Acknowledge the prosecution's proper and legitimate right to be concerned about your client's freedom given the nature of the allegations being dealt with.  Try to find points of accommodation and agreement.  If the client and victim were residing together, consider agreeing to limited contact between them which may include supervised visitation.  This will not only prevent additional allegations from arising but it will also give a prosecutor some comfort and security in moving forward cautiously and deliberately.  Consider immediate counseling, but with caution.  Counseling conversations may not be privileged.17  Under the circumstances, it may be appropriate to have the counselor assist in case preparation as agent for the attorney, thereby preserving confidentiality.  The same procedure may be considered in conducting a private, screening polygraph to test the client's veracity.

If allegations arise during a divorce or custody case, protect your client.

Attend every deposition or hearing, even if the client has other representation in that case.  Make certain the client makes no damaging statements or admissions.  Use the opportunity to "discover" information regarding the history, content and chronology of the alleged offenses and the investigations that have occurred.

Changes in Strategy After Charges are Filed.

Once you have done all you can, if your client is still charged, assertiveness must be raised a notch.  Investigation and discovery must intensify.  Whereas you may have been limited regarding access to copies of police and investigative agency reports, etc., before charges were filed, you now have subpoena power.  The witnesses you had strategically avoided (i.e. victim, victim's parents, investigating officers, etc.) or those who were previously unavailable, now are subject to interview or deposition pursuant to Rule 15, Ariz. R. Crim. P.  This is an area of pending change.  Under the so-called "victims' rights" legislation, a strong and continuous effort is proposed to prevent discovery of these critical witnesses.  Because pretrial interviews may be traumatic for the true victim, it has been argued that such interviews should either be eliminated or conducted in a non-traumatic (i.e. prosecution-oriented) setting.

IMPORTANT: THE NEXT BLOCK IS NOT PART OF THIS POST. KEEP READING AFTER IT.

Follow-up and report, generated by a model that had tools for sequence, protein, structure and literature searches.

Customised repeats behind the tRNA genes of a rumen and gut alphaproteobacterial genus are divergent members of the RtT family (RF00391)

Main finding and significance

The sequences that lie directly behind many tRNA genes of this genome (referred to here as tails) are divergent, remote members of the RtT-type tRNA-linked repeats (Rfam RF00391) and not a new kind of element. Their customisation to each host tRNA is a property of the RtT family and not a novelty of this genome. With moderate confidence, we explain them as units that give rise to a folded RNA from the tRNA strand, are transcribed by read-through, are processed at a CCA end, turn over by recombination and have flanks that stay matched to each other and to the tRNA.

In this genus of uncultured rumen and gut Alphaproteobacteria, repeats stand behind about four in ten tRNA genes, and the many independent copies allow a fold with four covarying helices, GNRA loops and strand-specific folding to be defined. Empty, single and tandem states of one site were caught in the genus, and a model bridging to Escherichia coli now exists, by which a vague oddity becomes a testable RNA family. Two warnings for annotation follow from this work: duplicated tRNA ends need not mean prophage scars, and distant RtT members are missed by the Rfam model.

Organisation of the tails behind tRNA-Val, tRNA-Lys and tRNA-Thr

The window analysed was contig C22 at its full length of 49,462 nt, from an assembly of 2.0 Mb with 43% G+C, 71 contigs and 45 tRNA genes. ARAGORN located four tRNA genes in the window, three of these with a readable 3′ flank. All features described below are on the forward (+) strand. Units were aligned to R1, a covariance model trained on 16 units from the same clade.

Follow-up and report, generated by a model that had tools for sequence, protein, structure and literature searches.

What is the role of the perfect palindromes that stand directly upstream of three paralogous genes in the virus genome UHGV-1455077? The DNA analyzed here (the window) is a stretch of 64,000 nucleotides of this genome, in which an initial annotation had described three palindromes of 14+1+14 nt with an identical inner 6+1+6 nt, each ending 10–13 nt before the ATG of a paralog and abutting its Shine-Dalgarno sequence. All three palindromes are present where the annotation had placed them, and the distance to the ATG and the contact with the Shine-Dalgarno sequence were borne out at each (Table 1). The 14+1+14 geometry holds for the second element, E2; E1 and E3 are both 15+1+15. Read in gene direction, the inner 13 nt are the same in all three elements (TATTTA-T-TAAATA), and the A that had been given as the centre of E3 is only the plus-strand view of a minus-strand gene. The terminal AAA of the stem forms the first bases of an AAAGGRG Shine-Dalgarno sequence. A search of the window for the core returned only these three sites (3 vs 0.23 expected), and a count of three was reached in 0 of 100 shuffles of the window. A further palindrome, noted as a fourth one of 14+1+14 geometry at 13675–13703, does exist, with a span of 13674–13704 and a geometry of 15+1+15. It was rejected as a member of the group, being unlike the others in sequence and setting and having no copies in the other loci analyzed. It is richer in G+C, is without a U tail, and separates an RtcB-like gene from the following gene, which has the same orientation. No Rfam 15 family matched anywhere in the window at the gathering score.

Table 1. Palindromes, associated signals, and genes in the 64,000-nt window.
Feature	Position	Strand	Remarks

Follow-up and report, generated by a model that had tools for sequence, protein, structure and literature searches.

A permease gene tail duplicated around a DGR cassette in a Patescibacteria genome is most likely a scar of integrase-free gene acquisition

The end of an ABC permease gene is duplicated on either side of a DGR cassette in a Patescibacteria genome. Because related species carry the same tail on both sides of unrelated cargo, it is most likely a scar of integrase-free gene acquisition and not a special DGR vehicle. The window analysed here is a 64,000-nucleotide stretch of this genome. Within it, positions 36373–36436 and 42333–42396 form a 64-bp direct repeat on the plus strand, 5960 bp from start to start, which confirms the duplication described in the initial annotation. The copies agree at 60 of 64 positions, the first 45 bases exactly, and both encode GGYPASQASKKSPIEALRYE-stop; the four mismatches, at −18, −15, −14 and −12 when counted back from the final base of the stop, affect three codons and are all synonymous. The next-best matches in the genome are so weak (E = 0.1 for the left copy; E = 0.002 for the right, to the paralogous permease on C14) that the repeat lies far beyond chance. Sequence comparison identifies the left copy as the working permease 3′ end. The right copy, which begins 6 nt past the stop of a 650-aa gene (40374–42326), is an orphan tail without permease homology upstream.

Overlooked in all the rhetoric is the "trauma" to an innocent defendant whose only chance for salvation is the determination of the truth, based upon such interviews.  But as one of our notable Arizona legislators recently stated publicly, the sexual abuse of children is considered such a serious problem that all suspects need to be eliminated.  According to this school of thought, it does not matter if this means the destruction of some innocent people in the process since that is simply the price of vigilance.18  If the Constitution and its protections for citizens are also destroyed in the process, at least it was accomplished with honorable intentions.

Determination of the competency of an alleged victim as a witness is always a consideration.  Although attempts have been made to ensure the admissibility of testimony of child victims regardless of age,19  including testimony which would otherwise constitute hearsay,20 even if that testimony is taken outside the courtroom,21 the issue of competency of the child as a witness must always be considered.  Every effort to exclude the untrustworthy testimony of a child must be made.  The testimony of a child may be excluded if the child is incompetent as a witness on the same basis as that of an adult witness.  In addition, if it can be established that the child has been so unskillfully handled during the investigatory phase that the child can no longer distinguish fact from suggestion or know what truthfully happened, the child may no longer be a competent witness.